When the pressure of the injected fluid is reduced, the fractures will tend to close due to the unbalanced com pressive forces which are asserted on the formation. To prevent closure of the, fractures, propping agents are commonly emloyed. These propping agents are generally sand, metallic shot, plastic particles, glass beads, or woody materials such as walnut hull fragments and are normally injected with the fracturing" fluid to hold the fracture in an open position when 'fracturing pressure is relieved.
A major problem associated with the use of propping agents in fracturing is dueto the difference between the hardness and strength of the formation and the hardness and strengh of the projaping agent employed. Where the propping agent is muchjharder and stronger than thefforn mation, it tends to become embedded in the formation when the pressure is reduced. Where the embedding is substantial the fracture will tend to close, thus destroying the effectiveness of the propping agent. Where the prop ping agent is considerably softer than the formation the propping agent may disintegrate or deform and allow the fracture to close when the pressure is reduced.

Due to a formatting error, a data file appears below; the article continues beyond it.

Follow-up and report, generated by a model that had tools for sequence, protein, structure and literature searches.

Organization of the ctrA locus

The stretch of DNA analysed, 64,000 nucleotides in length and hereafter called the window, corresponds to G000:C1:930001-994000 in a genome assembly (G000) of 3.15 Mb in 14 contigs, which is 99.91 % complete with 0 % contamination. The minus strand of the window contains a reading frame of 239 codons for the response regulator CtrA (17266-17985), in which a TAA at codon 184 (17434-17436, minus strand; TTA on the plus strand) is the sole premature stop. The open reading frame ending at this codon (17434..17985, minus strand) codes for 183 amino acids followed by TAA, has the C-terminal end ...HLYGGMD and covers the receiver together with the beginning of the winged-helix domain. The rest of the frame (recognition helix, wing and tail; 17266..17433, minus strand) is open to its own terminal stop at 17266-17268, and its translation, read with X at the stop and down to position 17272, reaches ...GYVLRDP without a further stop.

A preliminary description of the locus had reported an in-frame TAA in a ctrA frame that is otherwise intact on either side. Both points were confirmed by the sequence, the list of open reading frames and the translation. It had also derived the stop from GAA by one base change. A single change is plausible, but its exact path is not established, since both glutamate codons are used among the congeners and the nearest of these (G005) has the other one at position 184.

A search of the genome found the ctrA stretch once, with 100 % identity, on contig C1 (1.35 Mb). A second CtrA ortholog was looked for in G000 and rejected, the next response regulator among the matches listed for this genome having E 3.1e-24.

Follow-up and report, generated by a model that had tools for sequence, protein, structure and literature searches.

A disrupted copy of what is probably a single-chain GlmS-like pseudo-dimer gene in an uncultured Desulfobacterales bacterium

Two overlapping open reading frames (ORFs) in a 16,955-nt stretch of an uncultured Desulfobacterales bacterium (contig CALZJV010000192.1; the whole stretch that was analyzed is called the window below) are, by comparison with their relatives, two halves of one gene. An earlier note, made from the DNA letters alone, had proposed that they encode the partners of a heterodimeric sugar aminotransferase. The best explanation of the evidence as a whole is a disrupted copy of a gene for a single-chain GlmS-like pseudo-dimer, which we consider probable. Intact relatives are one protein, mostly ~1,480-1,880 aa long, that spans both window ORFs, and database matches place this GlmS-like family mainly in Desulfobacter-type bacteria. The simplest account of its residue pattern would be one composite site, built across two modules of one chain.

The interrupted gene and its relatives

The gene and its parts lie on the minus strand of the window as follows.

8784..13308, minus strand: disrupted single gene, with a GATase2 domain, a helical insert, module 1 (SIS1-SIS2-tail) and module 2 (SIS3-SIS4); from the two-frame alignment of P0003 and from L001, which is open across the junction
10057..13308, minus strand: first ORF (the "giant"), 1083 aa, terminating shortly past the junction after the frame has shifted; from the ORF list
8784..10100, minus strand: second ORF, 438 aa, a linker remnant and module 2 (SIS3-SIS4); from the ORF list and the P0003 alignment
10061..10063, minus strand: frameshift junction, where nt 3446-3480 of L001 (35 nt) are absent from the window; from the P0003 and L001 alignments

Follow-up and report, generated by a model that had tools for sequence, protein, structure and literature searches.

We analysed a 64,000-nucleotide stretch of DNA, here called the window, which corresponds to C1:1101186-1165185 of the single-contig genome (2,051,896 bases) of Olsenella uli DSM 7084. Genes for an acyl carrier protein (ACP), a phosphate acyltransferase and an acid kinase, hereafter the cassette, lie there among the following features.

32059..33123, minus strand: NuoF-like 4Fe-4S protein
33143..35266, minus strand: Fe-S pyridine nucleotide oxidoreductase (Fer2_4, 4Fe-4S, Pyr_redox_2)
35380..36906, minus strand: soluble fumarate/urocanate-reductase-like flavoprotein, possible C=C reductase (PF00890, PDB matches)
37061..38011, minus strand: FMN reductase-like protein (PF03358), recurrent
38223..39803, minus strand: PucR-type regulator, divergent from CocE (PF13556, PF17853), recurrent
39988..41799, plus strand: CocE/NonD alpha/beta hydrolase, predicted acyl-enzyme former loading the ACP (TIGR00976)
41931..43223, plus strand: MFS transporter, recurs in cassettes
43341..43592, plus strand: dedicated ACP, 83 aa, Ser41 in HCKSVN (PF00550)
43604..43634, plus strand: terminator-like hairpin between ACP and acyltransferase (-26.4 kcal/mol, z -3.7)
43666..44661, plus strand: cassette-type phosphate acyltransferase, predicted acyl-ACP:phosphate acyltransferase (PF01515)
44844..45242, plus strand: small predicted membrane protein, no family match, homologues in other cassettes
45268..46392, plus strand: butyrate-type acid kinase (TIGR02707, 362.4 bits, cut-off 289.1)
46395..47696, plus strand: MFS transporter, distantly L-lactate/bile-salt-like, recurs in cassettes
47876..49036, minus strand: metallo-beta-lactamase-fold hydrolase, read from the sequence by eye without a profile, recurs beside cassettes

SUMMARY OF THE INVENTION Applicants invention relates tothe use of deformable, acid-resistant particles jwhieh are injected into the fracture with or subsequent .fto injection of the fracturing fluid. These particles will deform when fracturing pressure is relieved and cover a portion of the fracture faces with an acid-resistant coating. Acid fis then injected into the frac-1 ture and the acid will contact and erode those portions of the formation which are-not` -shielded by the acid-resistant material. Erosion of the"v fracture faces will create channels of high fluid conductivity 'between vcolumns of the form' mation which are partially insulated from acid attack by the acid-resistant material.